The role of the informal sector in structural transformation: Some Indian evidence
AbstractThe aim of this paper is to highlight the role of the informal sector in the Indian economy. The paper notes that in occupational distribution in India, particularly during the 1970s, it is the informal sector (I-sector) which accounted for most of the increase in non-agricultural employment and that this growth of I-sector employment occurred not only in activities traditionally thought to be associated with the I-sector expansion (such as trade, construction and services) but also importantly in manufacturing, and there is a strong presumption that the manufacturing segment of the informal sector expanded faster than its services segment. Evidence further suggests that the I-sector was not a passive absorber of labour but a dynamic sector responding successfully to changing demand in the economy and contributing significantly to income and output. The paper also offers a hypothesis that, simultaneously with these changes in economic structure, there is likely to have occurred a change in the composition of rural-urban migrants with the share of those who go to the informal sector and have only informal sector jobs as their targets (usually members of the poorer households in the rural areas) increasing and that of those who go to the formal sector (usually well-educated members of the relatively well-to-do land-owning families in the rural areas) declining; further, migration by the members of the poorer rural households is likely to have increased not because their rural income declined but because the informal sector income increased.
Download InfoTo our knowledge, this item is not available for download. To find whether it is available, there are three options:
1. Check below under "Related research" whether another version of this item is available online.
2. Check on the provider's web page whether it is in fact available.
3. Perform a search for a similarly titled item that would be available.
Bibliographic InfoArticle provided by John Wiley & Sons, Ltd. in its journal Journal of International Development.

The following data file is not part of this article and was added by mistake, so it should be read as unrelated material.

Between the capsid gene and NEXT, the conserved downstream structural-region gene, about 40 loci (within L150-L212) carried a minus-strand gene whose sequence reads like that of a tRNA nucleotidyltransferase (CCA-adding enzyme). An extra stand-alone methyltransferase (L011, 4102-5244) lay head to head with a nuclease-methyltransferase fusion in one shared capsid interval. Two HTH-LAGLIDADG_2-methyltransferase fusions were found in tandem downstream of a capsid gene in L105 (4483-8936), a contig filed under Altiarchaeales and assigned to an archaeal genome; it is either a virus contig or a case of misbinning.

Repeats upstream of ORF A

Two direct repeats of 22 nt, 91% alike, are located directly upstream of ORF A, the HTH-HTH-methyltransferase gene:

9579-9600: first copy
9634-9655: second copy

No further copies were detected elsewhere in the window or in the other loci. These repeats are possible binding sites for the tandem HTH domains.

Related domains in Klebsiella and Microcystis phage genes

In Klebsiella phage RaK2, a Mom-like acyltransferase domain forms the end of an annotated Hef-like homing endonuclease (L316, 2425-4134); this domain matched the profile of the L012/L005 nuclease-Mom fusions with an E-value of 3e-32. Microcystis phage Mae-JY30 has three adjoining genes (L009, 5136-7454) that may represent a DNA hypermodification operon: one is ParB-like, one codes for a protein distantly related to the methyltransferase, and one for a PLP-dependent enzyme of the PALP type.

Volume (Year): 8 (1996)
Issue (Month): 1 ()
Contact details of provider:
Web page: http://www3.interscience.wiley.com/journal/5102/home
Please report citation or reference errors to , or , if you are the registered author of the cited work, log in to your RePEc Author Service profile, click on "citations" and make appropriate adjustments.:
- L. F. Giblin., 1940. "Economic Progress," The Economic Record, The Economic Society of Australia, vol. 16(2), pages 262-270, December.
- Jesim Pais, 2006. "Migration and Labour mobility in the Leather Accessories Manufacture in India," Working Papers id:451, eSocialSciences.
- Bhattacharya, Prabir C., 2011. "Informal sector, income inequality and economic development," Economic Modelling, Elsevier, vol. 28(3), pages 820-830, May.
- Prabir C. Bhattacharya, 1998. "Migration, employment and development: a three-sector analysis," Journal of International Development, John Wiley & Sons, Ltd., vol. 10(7), pages 899-921.
- Prabir C. Bhattacharya, 2002. "Rural-to-urban migration in LDCS: a test of two rival models," Journal of International Development, John Wiley & Sons, Ltd., vol. 14(7), pages 951-972.
For technical questions regarding this item, or to correct its authors, title, abstract, bibliographic or download information, contact: (Wiley-Blackwell Digital Licensing) or (Christopher F. Baum).
If you have authored this item and are not yet registered with RePEc, we encourage you to do it here. This allows to link your profile to this item. It also allows you to accept potential citations to this item that we are uncertain about.
If references are entirely missing, you can add them using this form.
If the full references list an item that is present in RePEc, but the system did not link to it, you can help with this form.
If you know of missing items citing this one, you can help us creating those links by adding the relevant references in the same way as above, for each refering item. If you are a registered author of this item, you may also want to check the "citations" tab in your profile, as there may be some citations waiting for confirmation.
Please note that corrections may take a couple of weeks to filter through the various RePEc services.